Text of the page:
By Angelo Lynn
Editor’s note: Angelo Lynn is the publisher of the Addison Independent, a sister publication to the Mountain Times.
If commonsense gun control legislation can’t convince Republican Senators to protect their constituents for fear of upsetting the gun lobby and white supremacists within their party, perhaps portraying the problem as a public health issue would be more palatable — and productive.
New York Times columnist Nicholas Kristof made that suggestion in a column written in 2017 after 26 people were killed in a Texas church in the small town of Southerland Springs, not far from San Antonio. His column was updated and reprinted this week in light of the mass shootings on May 14 when a gunman killed 10 people in a supermarket in Buffalo, New York, and when an 18-year-old high school student forced his way past an armed guard and killed 19 students aged 7-10, along with two adult teachers at an elementary school in Uvalde, Texas. The killer, Salvador Ramos, has been identified as a troubled teen who turned 18 on May 16, immediately bought two rifles and on May 24 shot and critically wounded his grandmother before driving recklessly to the school for this attack.
In both shootings the gunmen were able to obtain semi-automatic AR-15 rifles with little difficulty to carry out their mass killings. It’s also important to note that Ramos, who had only had his semi-automatic rifle for a week, was able to storm his way past an armed guard at the school, enter a classroom, kill 21 people, and wound two local officers who returned fire — all before more police backup came and killed Ramos.
If reason prevailed in this country, measures to curb gun violence would have been implemented years ago. But it’s clear that the political battle over gun control and Second Amendment rights is going nowhere.
This gets to the point of Kristof’s column: That America can perhaps reduce shootings, and death, by reframing the debate.
The first step, he says, is to understand the magnitude of the problem: the U.S. has more than 300 million guns among its citizenry — roughly one per person — and it leads the world in gun death rates, by a lot. Japan, on the other hand, has less than one gun per 100 people, and less than 10 gun deaths a year.
The U.S. saw 45,222 gun deaths in 2020.
The correlation of gun deaths to the number of guns a country has is irrefutable. The Republican mantra that the only way to be safe is to “arm good guys with guns” is a lie created by a gun lobby intent on selling more guns. The exact opposite has proven to be true, as the more guns America buys the more gun-related deaths we see.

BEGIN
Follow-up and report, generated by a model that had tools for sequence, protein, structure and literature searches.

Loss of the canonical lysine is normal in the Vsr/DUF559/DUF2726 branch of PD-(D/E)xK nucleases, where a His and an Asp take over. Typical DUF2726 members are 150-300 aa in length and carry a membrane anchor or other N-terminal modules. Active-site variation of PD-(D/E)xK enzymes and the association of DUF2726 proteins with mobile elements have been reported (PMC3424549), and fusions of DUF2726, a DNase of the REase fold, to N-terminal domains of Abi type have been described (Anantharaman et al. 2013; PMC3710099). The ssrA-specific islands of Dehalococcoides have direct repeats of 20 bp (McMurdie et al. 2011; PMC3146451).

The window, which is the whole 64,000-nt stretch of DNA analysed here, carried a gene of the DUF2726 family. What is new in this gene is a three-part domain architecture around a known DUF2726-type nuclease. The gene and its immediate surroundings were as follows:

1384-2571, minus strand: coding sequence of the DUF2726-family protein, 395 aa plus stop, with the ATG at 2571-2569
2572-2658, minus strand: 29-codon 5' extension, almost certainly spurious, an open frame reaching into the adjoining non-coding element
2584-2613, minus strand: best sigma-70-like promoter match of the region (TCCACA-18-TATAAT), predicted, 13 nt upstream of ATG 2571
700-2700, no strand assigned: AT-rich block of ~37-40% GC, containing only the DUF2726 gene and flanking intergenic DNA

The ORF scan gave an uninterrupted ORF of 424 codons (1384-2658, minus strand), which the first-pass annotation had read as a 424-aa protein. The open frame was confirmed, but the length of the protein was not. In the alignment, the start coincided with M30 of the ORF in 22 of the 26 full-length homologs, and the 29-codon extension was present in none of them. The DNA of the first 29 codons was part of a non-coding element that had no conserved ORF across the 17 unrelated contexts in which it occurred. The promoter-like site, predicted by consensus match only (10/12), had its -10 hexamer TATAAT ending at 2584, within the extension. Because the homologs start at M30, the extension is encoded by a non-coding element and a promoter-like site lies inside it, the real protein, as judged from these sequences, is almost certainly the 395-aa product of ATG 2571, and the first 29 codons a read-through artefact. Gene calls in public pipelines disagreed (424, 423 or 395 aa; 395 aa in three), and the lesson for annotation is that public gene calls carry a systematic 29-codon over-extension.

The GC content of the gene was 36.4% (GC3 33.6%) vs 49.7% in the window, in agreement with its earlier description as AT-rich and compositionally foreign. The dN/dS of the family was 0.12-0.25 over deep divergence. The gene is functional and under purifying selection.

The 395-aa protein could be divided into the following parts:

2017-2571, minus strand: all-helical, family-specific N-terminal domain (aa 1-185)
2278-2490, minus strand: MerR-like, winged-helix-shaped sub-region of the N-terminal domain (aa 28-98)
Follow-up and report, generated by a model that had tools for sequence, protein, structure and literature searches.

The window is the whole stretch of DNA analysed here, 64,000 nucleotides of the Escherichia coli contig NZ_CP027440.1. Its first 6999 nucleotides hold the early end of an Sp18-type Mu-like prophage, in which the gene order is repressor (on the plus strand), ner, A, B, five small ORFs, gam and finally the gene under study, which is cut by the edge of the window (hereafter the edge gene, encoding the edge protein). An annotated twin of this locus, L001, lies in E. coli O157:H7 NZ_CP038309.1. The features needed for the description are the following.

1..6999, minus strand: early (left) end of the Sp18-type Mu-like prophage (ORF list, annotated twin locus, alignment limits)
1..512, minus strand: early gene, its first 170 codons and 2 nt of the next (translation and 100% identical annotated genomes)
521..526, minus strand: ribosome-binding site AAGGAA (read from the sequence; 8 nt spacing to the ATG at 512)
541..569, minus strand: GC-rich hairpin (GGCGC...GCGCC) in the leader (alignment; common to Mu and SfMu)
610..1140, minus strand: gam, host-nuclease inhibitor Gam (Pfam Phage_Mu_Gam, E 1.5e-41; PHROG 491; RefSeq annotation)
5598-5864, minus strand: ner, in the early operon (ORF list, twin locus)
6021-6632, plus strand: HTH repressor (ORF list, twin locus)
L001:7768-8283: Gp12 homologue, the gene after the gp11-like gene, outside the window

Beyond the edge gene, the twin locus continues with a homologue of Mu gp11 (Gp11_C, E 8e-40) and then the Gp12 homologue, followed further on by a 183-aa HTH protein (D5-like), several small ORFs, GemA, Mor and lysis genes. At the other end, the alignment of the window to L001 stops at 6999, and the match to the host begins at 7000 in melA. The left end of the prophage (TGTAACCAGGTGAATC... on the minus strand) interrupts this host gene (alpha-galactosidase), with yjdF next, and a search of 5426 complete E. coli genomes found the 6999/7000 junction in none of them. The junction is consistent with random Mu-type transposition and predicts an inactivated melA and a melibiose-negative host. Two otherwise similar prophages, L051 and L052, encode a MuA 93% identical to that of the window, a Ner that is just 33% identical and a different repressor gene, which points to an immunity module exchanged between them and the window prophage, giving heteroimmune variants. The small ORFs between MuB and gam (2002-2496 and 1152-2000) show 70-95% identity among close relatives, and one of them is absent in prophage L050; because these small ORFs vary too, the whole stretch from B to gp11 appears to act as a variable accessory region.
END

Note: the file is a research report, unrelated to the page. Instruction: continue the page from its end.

But since facts can’t convince some politicians to act in their own self-interest, and for the good of the country, then perhaps reframing the issue is necessary.
Kristof agrees that the liberal opposition to guns has sometimes been counterproductive. The focus on “gun control” sounds too much like gun restriction — which to Republicans is an abridgment of the Second Amendment.
But if the issue is framed as “gun safety” or “reducing gun violence,” as a public health issue, those are talking points that may resonate more widely.
Kristof draws a parallel of gun safety to automotive safety. He notes that gun enthusiasts protest that cars kill about as many people as guns, but we don’t “ban” cars — but we do “regulate” cars, and the people who drive them. For example: seat belts were first offered in cars in 1950, and their use is now mandatory in most states; in 1978, Tennessee was the first state to require child safety seats, which is now universal; car safety ratings were introduced in 1993 and airbags became mandatory in 1999. And then there are the stiffer drinking and driving laws, lower speed limits, and all the requirements around getting (and keeping) a driver’s license. Consequently, those and other measures have driven the death rates by car to one-seventh of what it was in 1946.
Similarly, Kristof suggests what it would look like to implement measures of gun safety:
- Implement background checks for all:
- Safe storage, including trigger locks;
- End immunity for firearm companies;
- Ban bump stocks;
- Tighten existing enforcement of laws;
- Prevent individuals who are subject to domestic violence protection orders from having guns.
Kristof admits that these measures wouldn’t stop all mass shootings, but the facts point clearly to one conclusion: regulating guns lowers gun-related deaths.
In many states, he says, there is more rigorous screening of people who want to adopt a dog than who want to purchase an AR-15.
Finally, Kristof and others cite public polling on the issues, which would seem to defy the GOP’s position on this issue, except when one considers the huge amount of campaign contributions the NRA provides to Republican legislators — making it worth it.
Polls show that of Americans who own guns:
- 93% support background checks for all;
- 89% agree regulations should prevent the mentally ill from buying guns;
- 88% agree to a ban on the sale of guns to those who’ve committed violent crimes;
- 82% agree to ban gun purchases by people on no-fly or watch lists;
- 77% support background checks for private sales and sales at gun shows;
- 72% support federal mandatory waiting period on all gun purchases;
- 67% support a ban on modifications that make a semi-automatic gun work like an automatic gun.
Importantly, regulation doesn’t mean the federal government or states are coming after a person’s guns — a common theme falsely cited by Republicans to drum up fear and opposition. It does mean that those people who seek to buy a gun, should go through a background check for suitability.